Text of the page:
London, 5 July 2011, Art Media Agency (AMA).
Sir Peter Lely’s Nell Gwyn naked leaning on a bed is one of the most erotic paintings in the history of British art. The portrait of King Charles II’s mistress was commissioned by the monarch himself and has been estimated at £600,000 to £800,000. The work will be on auction at the Sotheby’s Old Master sale on 6 July 2011.
The portrait was purchased at the great Lowther Castle sale in 1947 and subsequently went to Chiddingstone Castle, where it remained until 2007. At Lowther, the painting was one of forty seventeenth-century pictures and was known as Portrait of Nell Gwynn as Venus reclining in a landscape with a cupid and a stone vase by her side. It is not known when the artwork entered the Lonsdale collection, but Henry Lowther, the third Viscount of Lonsdale, could have acquired the work from Buckingham Palace. The first time the portrait appeared in a major exhibition was in 1956, when Sir Oliver Millar concluded that the portrait “may be the portrait in the King’s and Buckingham’s collections.” When preparing the catalogue for the 1972 Lely exhibition, he also noted that “the portrait cannot be linked decisively” to Nell Gwynn and suggested that it might be a representation of the Duchess of Cleveland.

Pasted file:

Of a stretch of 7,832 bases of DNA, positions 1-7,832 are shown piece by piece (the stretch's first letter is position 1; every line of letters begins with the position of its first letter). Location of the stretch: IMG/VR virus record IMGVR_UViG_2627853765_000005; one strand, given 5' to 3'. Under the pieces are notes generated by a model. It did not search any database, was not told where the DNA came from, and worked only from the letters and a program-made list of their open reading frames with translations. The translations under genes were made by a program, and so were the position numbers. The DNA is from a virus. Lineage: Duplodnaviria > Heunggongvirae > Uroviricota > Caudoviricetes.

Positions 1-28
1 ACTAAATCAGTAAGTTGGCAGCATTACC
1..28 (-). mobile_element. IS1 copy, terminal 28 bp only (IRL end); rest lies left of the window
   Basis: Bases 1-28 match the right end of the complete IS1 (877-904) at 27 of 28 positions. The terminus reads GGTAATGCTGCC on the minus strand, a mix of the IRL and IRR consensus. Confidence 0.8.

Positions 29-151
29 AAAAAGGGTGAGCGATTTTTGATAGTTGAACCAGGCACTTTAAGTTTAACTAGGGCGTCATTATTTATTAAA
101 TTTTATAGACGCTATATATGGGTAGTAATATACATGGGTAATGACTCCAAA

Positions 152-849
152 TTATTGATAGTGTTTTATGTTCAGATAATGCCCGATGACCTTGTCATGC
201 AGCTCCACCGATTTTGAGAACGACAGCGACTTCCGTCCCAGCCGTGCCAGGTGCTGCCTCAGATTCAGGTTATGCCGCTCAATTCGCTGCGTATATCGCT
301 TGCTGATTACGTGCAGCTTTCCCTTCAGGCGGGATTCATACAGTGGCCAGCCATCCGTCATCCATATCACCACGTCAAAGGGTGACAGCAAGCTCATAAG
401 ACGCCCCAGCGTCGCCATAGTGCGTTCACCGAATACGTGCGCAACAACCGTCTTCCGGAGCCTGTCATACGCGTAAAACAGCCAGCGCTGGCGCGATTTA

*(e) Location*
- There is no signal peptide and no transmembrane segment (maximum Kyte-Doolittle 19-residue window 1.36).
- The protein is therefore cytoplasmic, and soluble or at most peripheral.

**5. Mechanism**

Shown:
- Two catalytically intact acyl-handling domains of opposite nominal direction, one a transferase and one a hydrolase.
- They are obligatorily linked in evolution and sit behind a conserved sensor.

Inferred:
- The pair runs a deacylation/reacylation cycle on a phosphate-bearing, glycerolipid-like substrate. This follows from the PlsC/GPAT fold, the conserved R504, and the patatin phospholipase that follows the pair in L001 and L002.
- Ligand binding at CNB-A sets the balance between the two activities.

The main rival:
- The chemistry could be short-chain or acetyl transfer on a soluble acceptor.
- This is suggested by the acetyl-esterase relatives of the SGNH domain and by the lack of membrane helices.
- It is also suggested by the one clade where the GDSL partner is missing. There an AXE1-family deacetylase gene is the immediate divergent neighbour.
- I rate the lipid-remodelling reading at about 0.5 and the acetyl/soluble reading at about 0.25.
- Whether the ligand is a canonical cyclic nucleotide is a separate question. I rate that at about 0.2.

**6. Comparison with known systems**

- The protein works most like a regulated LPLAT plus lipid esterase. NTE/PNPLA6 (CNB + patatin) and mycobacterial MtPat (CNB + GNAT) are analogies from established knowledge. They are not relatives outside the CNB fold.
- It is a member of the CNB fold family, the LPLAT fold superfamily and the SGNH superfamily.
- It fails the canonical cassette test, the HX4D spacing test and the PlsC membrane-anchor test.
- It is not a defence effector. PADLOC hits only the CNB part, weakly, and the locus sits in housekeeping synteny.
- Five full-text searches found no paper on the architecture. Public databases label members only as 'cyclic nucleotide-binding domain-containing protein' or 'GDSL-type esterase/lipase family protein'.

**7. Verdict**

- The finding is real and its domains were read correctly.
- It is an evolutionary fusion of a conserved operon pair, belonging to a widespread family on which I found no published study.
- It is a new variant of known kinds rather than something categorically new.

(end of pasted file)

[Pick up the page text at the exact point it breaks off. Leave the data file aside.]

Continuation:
However, there are two arguments against this version. Firstly, the portrait dates from the mid-1660’s, a period when the Duchess was not yet considered one of the King’s favourites. Furthermore, it would be highly unusual for a woman of aristocratic origin to be depicted in this pose. It would seem that the most convincing answer is that the work is an idealised portrait of Nell Gwynn. Malcolm Rogers, one of the greatest specialists in seventeenth-century portraiture, has worked at the National Portrait Gallery in London for nineteen years and has always believed that the woman in the painting is Nell Gwynn. The spirited actress was one of the most popular and well-known women of her time.